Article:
Women and Power: Unpopular, Unwilling, or Held Back?
Quotas that force political parties to increase the number of female candidates have a neutral or beneficial effect on the parties' electability.
There is a persistent gender gap in politics. Some researchers have attributed this to supply-side factors, focusing on women’s unwillingness or reluctance to run for office when faced with personal challenges or the competitive nature of politics, or when given the option of volunteering as group representatives without running in an election. Alternatively, some research has attributed the gender gap in politics to demand-side factors, examining whether voters have an aversion to female politicians, which disincentivizes political party leaders from increasing the number of women candidates.
In this study, researchers examined claims about the demand-side factors—whether having female candidates hurts political parties’ electability—by using the case of Spain’s 2007 Equality Law. This law mandated a 40 percent minimum female quota on electoral ballot lists in towns with populations above 5,000 people, increasing the number of women candidates by 27 percent. This study measured party success in election outcomes, comparing data in municipalities both before and after the Equality Law was enacted.
Quotas that forced political parties to increase the number of female candidates had a neutral or beneficial effect on the parties’ electability.
- The political parties forced by the quota to accept more female candidates experienced electoral outcomes that were slightly more positive than or equal to parties not affected by the quota.
- Parties forced to accept a larger share of female candidates (relative to the other political parties within their municipality) experienced greater improvement in their electoral outcomes. Specifically, parties forced to increase the number of female candidates by 10% more than their opponents experienced a 4.2% gain in votes.
- Voter turnout in municipalities affected by the quota did not decrease as a result of the increase in the number of female candidates. Therefore, voters did not appear to have substantial aversion to female candidates.
Increasing the number of female candidates was a feasible and profitable strategy for most political parties affected by the 2007 Spanish Equity Law. However, these affected parties did not meet the 40% minimum threshold of female candidates until they were forced by the government mandate. Therefore, researchers interpret this historical case to show that the barrier to women entering politics may not be due to either supply or demand-side factors, because there was a ready supply of female politicians to join the municipal ballots and voters were eager to vote for them as evidenced by voter turnout. Instead, the findings in this study suggest that the barrier to gender equity in political representation may be the internal party dynamics that prevented women who were willing to run for office and who were popular among voters from being placed on ballots.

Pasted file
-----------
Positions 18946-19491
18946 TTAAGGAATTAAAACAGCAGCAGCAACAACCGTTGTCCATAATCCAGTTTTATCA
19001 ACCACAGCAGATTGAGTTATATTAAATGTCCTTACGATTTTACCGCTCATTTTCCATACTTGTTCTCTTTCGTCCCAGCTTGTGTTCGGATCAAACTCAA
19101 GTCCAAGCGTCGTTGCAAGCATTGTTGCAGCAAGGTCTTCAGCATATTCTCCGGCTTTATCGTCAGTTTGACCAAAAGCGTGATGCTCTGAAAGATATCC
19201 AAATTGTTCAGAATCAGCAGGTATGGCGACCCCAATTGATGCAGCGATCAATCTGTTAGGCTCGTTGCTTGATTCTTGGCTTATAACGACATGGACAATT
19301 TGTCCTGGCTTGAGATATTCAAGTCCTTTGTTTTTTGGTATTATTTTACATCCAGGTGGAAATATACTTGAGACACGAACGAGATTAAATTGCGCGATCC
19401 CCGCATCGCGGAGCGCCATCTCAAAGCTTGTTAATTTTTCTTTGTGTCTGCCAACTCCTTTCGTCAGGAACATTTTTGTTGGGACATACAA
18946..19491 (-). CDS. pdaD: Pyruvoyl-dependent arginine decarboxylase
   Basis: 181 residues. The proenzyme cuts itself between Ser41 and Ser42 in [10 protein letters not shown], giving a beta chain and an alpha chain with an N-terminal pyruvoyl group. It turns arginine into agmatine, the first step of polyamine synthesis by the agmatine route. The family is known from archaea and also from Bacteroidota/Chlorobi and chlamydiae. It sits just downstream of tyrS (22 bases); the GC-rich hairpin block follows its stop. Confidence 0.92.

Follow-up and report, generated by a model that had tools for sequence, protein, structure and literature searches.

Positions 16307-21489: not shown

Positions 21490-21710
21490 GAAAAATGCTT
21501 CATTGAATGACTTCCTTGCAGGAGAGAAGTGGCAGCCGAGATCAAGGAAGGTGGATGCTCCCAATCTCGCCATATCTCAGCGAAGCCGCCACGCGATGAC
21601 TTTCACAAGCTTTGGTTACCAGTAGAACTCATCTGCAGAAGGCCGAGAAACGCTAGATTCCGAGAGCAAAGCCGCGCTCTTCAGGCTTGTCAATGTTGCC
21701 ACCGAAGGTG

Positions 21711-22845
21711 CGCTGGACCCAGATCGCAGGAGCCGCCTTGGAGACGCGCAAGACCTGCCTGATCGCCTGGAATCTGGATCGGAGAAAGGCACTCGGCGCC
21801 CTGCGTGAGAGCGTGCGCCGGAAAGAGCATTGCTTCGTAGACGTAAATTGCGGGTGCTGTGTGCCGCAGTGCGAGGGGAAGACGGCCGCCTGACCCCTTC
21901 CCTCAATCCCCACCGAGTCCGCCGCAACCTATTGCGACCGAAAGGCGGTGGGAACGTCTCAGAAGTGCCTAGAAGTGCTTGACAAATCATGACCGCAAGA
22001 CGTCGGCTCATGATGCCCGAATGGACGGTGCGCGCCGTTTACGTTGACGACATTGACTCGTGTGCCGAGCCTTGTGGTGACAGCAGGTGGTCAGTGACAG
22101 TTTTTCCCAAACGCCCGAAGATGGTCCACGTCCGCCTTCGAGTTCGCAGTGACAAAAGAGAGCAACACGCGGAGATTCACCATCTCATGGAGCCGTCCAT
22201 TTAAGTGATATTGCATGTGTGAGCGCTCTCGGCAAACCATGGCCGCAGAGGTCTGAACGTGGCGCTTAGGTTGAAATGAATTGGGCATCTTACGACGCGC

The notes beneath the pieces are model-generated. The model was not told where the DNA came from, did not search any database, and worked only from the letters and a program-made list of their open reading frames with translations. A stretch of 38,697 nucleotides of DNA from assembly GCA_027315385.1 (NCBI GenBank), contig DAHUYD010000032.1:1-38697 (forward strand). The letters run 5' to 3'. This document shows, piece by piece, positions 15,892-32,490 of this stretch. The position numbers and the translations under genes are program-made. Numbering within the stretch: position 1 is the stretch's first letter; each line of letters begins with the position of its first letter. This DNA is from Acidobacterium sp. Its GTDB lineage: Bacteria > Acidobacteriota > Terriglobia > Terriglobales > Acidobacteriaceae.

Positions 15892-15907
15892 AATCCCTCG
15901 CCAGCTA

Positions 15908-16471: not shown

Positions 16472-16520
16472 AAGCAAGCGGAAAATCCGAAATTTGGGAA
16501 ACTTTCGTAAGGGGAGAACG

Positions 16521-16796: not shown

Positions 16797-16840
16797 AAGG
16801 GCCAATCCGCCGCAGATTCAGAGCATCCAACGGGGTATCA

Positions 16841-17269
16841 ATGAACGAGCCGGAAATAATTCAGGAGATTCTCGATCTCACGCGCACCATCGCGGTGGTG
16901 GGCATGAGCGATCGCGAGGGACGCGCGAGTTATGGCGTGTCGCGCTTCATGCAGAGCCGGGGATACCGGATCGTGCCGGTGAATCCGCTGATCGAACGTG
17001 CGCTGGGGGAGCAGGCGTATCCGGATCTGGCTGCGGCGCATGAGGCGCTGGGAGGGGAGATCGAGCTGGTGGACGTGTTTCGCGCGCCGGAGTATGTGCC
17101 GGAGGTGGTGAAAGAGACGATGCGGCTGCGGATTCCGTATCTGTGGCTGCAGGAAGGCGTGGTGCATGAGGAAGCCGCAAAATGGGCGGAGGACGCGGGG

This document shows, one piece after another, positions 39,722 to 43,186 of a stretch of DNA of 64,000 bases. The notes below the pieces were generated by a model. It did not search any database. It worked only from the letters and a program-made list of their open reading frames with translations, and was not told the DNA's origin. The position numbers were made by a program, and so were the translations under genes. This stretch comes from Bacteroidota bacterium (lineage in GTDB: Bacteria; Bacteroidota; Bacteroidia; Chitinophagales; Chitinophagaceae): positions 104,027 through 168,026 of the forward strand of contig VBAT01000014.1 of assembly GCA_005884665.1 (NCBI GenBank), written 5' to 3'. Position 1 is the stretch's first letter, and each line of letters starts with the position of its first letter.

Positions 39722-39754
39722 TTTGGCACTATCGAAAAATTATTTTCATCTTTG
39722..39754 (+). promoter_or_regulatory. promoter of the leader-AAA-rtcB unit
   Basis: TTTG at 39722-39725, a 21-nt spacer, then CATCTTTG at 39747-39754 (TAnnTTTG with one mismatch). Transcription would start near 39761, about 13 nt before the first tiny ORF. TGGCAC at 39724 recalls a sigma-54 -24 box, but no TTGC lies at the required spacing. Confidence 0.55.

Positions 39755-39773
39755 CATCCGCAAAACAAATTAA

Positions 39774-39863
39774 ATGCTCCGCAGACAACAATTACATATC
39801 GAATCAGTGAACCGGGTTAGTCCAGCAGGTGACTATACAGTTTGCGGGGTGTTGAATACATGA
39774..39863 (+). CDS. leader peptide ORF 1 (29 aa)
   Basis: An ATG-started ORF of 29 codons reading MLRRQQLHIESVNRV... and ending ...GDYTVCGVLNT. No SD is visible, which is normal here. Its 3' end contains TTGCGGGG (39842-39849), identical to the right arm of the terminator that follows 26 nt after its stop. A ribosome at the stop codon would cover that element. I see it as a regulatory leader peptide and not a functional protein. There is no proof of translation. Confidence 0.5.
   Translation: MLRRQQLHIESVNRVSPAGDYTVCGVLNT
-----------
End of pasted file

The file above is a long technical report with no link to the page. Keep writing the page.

In this study, researchers investigated the impact of gender quotas from the 2007 Spanish Equity Law by comparing political parties’ voting outcomes in municipalities affected by the law with voting outcomes in municipalities unaffected by the law. The municipalities measured in this study were limited to those with populations between 5,000 and 10,000 people.
To assess overall voting trends regarding attitudes towards female politicians, the study compared voting outcomes from 2003 (prior to the implementation of the Spanish Equity Law) with those from 2007. Researchers also tested the data to see whether unemployment rates in different regions impacted the effectiveness of the law, and found that unemployment rates had no effect.
The gender of candidates from municipal ballots in 2003 was assessed based on the first name of the candidate (which is rarely gender-ambiguous in Spanish). The gender of the 2007 candidates was known, in addition to information about the number of votes for all ballots, the estimated municipal populations at the time of election, and the number of registered voters in each town. Because the law only applied to municipalities exceeding the 5,000-person threshold, meaningful data could only be assessed for 4,582 municipalities in 2003 (before the introduction of the quota) and 144 quota municipalities and 1,354 non-quota municipalities in 2007 (after the introduction of the quota).